What is the relationship between Zorba and Zen?
The whole past of humanity has tried to keep them separate, and this has been an unfortunate experiment. The Zorba has remained incomplete, just superficial. And Zen has remained incomplete; it has only the inner world, and the outer is missing.
My Manifesto of Zen is that Zorba and Zen are not antagonistic to each other. The Zorba can melt into Zen, and only then will both be complete.
The man who has lived outside has lived very superficially, and the man who does not know anything about the inner, knows nothing about the existential, about the eternal. And on the other hand, the man who knows something of the inner starts thinking that the outer is illusory.
Nothing is illusory.
The outer and the inner are part of one existence.
I want Zorbas to be buddhas and vice versa. And unless this becomes possible, there will not be many buddhas, and there will not be many Zorbas either. In the completion of Zorba and Zen, a tremendous quality comes to your life: you relish every moment of the outside world, every flower of the outside world. And you relish simultaneously the inner freedom, the inner joy, the inner drunkenness. There is no question of any division. But humanity has lived in a divided way, and that has been a catastrophe.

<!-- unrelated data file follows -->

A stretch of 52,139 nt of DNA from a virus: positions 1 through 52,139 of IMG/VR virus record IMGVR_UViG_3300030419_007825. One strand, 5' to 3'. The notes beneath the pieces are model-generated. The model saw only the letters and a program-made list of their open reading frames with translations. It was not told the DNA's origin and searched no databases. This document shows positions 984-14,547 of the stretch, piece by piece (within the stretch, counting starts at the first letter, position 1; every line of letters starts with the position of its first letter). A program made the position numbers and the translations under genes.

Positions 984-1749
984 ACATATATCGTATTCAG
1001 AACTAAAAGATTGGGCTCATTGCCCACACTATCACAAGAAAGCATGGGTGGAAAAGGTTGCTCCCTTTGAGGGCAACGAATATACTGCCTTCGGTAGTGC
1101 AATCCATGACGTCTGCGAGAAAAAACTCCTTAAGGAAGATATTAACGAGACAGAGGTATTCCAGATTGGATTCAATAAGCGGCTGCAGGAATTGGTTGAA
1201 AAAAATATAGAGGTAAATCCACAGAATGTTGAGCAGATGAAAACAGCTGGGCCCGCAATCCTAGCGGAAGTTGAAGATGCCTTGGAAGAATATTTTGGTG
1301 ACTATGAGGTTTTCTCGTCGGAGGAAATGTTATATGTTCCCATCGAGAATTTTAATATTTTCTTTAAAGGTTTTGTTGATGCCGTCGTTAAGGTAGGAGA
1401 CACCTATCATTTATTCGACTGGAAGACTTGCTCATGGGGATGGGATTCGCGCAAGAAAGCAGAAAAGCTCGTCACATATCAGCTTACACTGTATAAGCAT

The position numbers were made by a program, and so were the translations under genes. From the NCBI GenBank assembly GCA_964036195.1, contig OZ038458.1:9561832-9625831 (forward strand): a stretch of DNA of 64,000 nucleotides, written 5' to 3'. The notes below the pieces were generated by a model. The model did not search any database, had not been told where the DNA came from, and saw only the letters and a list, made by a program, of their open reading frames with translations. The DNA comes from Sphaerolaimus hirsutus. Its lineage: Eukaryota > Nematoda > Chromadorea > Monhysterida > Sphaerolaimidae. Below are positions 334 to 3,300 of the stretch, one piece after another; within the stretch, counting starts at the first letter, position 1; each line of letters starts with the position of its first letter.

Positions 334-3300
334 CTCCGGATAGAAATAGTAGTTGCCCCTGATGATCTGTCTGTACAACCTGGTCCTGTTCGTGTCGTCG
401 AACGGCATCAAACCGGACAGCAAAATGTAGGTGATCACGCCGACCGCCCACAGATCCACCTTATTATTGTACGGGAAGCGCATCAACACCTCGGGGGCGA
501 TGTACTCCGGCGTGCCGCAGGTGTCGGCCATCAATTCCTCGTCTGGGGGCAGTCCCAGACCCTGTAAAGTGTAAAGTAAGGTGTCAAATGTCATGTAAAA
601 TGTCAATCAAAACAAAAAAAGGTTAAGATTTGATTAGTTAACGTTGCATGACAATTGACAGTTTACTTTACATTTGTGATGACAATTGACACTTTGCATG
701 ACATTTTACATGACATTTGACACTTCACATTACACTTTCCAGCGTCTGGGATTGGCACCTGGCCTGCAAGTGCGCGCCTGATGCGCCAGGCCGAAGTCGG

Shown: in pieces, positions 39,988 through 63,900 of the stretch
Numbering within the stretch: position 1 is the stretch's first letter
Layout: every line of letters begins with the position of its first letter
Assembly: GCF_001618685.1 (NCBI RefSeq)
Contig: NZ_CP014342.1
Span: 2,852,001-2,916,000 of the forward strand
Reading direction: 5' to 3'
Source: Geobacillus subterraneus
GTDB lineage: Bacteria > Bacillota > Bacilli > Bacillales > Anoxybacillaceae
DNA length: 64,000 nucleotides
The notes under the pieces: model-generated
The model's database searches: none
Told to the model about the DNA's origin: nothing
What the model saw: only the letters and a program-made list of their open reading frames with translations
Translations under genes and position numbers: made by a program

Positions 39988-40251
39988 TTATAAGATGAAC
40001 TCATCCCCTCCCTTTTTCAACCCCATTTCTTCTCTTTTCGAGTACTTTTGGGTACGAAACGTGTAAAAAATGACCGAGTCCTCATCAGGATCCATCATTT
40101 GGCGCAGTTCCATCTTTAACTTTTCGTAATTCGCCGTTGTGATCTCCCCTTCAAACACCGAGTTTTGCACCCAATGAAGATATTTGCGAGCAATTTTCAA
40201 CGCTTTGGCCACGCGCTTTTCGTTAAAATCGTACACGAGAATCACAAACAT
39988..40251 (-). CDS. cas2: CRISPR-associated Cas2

It is time for Zorba to start meditating, and it is time for the people who are meditators not to allow themselves to escape from the world. They have to come to the world with all their juice, with all their ecstasy… to share.
It seems very difficult to understand, because the whole tradition of the world goes against it. But I don’t see any difficulty.
In myself I have joined Zorba and Zen together; hence I don’t see any difficulty. I am in the world, and yet I am not of the world.
I rejoice in the birds, the flowers, the trees.
I rejoice in myself, in my silence, and I don’t see there is any difference. The inner and the outer slowly have become melted into one whole. And unless your inner and outer become one whole, you will remain incomplete – and incompletion is misery.
Only in completion is there bliss.
Only in completion have you come home.
You have come to existence without any conflict, in tremendous ease, relaxed.
The Zorba in the past has been tense and worried that perhaps he is not the right person. And the man of Zen has been with the tension that he has to avoid this, he has to avoid that – that he has to become a recluse far away in the mountains. But the very fear of the world shows your misunderstanding.
The world has not to be feared, it has to be loved.
We are the world.
There is no question of escaping from anything. Every moment everything has to be enjoyed without any guilt, without any inhibition. But all the religions have been against it.
I proclaim with this manifesto a totally new sky for religious consciousness: the sky of completion, the joining of the inner and the outer, of the material and the spiritual, of Zorba and the Buddha.
From The Zen Manifesto, Chapter Five
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